Neither does the Italian name Bordiga contain the letter h. However either letter can be introduced to ensure the letter is read as a hard g, as g when followed by the letter i is generally soft, if you get my gist.

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Farce
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Apr 19 2010 16:56

Also, having been called out on it, the comment I left in this thread in Feb about "non-shit elements of anarchism" was phrased in quite a dickheadish way. Obviously I do have genuine disagreements with Class War - specifically relevant to this thread, I think the way they play up to the violent media stereotype of anarchists makes it easier for opponents of anarchism such as Home to write us all off as mindless thugs - but those disagreements should be talked about in a mature and respectful way instead of just lazily characterising other people's politics as shit, so sorry for not doing that. I still have complete respect for all the CW members I've met personally.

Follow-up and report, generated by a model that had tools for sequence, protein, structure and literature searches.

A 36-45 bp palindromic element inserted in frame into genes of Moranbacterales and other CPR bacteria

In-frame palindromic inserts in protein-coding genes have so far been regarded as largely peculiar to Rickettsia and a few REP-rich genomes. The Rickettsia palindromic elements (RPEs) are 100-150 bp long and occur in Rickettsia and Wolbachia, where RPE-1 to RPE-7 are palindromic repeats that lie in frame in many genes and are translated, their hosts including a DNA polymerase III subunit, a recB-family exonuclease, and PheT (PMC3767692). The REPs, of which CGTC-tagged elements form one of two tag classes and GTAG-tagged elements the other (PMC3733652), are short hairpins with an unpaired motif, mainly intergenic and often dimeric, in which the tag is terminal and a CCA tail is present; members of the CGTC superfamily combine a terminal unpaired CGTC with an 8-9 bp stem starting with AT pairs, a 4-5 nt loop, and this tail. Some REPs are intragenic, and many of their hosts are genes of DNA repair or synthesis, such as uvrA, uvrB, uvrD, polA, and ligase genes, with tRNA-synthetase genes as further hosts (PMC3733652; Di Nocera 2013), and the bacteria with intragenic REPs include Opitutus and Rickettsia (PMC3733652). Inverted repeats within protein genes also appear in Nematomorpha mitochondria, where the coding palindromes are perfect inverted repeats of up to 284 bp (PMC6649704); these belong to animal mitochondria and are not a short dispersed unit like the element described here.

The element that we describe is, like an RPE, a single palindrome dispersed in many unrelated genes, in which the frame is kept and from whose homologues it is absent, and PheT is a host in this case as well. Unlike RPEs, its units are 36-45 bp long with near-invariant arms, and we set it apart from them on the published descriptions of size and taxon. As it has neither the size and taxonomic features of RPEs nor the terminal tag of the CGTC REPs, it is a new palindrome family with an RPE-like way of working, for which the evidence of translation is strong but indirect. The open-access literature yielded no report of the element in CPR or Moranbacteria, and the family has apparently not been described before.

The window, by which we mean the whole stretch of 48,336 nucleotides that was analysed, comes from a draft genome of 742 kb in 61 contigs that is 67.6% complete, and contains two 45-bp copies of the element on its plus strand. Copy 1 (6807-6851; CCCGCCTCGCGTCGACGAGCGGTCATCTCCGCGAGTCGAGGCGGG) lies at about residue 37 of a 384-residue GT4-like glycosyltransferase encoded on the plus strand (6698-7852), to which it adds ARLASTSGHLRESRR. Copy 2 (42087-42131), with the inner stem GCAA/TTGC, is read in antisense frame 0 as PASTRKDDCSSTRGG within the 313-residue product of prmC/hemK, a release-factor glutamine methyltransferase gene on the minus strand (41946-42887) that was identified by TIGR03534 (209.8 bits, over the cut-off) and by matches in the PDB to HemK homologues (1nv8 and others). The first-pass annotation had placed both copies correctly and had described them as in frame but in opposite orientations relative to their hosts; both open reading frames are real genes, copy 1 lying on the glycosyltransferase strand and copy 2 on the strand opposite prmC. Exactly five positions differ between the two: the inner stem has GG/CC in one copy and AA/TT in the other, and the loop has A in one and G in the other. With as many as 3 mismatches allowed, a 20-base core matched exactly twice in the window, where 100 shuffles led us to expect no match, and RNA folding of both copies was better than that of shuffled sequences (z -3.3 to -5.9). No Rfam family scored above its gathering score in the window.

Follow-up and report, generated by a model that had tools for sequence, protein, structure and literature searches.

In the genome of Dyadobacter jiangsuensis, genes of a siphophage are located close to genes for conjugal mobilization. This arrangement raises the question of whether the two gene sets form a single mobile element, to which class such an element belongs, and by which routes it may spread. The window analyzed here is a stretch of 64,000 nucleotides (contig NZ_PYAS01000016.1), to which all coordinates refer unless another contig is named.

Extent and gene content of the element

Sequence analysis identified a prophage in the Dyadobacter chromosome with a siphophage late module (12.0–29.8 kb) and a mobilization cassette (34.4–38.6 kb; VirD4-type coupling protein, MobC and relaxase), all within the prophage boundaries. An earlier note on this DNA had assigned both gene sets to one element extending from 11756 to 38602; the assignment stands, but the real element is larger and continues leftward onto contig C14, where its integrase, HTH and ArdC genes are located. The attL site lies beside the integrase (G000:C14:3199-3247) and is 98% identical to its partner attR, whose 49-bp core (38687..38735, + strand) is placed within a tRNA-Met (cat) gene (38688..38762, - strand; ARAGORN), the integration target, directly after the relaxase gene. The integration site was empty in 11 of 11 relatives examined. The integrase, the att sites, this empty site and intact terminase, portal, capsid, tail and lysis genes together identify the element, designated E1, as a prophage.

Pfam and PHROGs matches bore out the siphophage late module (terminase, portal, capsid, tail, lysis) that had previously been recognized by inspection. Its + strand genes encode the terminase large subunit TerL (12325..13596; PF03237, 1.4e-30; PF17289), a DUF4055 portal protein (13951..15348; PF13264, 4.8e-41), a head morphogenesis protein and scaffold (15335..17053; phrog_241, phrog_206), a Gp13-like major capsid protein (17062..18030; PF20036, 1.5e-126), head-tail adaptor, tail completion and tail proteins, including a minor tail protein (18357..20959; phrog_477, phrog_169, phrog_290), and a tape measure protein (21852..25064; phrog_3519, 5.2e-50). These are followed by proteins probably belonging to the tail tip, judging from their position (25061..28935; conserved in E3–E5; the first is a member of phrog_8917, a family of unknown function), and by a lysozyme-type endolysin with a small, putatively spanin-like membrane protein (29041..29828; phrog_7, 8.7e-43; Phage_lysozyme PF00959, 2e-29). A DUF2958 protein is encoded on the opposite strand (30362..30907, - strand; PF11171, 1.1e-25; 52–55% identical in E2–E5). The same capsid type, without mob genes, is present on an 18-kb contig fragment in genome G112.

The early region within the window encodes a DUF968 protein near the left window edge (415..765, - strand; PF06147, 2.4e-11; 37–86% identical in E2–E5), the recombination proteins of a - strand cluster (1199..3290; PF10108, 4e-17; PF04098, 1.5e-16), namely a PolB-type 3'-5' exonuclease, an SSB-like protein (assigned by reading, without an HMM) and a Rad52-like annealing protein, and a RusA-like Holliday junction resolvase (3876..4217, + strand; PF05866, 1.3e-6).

No apology for the primmos, though. tongue

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JoeMaguire
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Apr 22 2010 23:27
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I'm into revolutionary shamanism and forms of drug taking that expand consciousness and improve communication by overflowing all attempts at canalising life. LSD + Voodoo = A Classless Society.
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waslax
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Apr 23 2010 09:17

The height of radicality, that. If only a movement based on that could get off the ground these days. cool

Wellclose Square
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Apr 23 2010 16:54
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I'm into revolutionary shamanism and forms of drug taking that expand consciousness and improve communication by overflowing all attempts at canalising life. LSD + Voodoo = A Classless Society.

Psychedelic Bordigism (q.v.).

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CRUD
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Apr 23 2010 18:48

Only an idiot would equate Italian nationalism with anarchist syndicalism.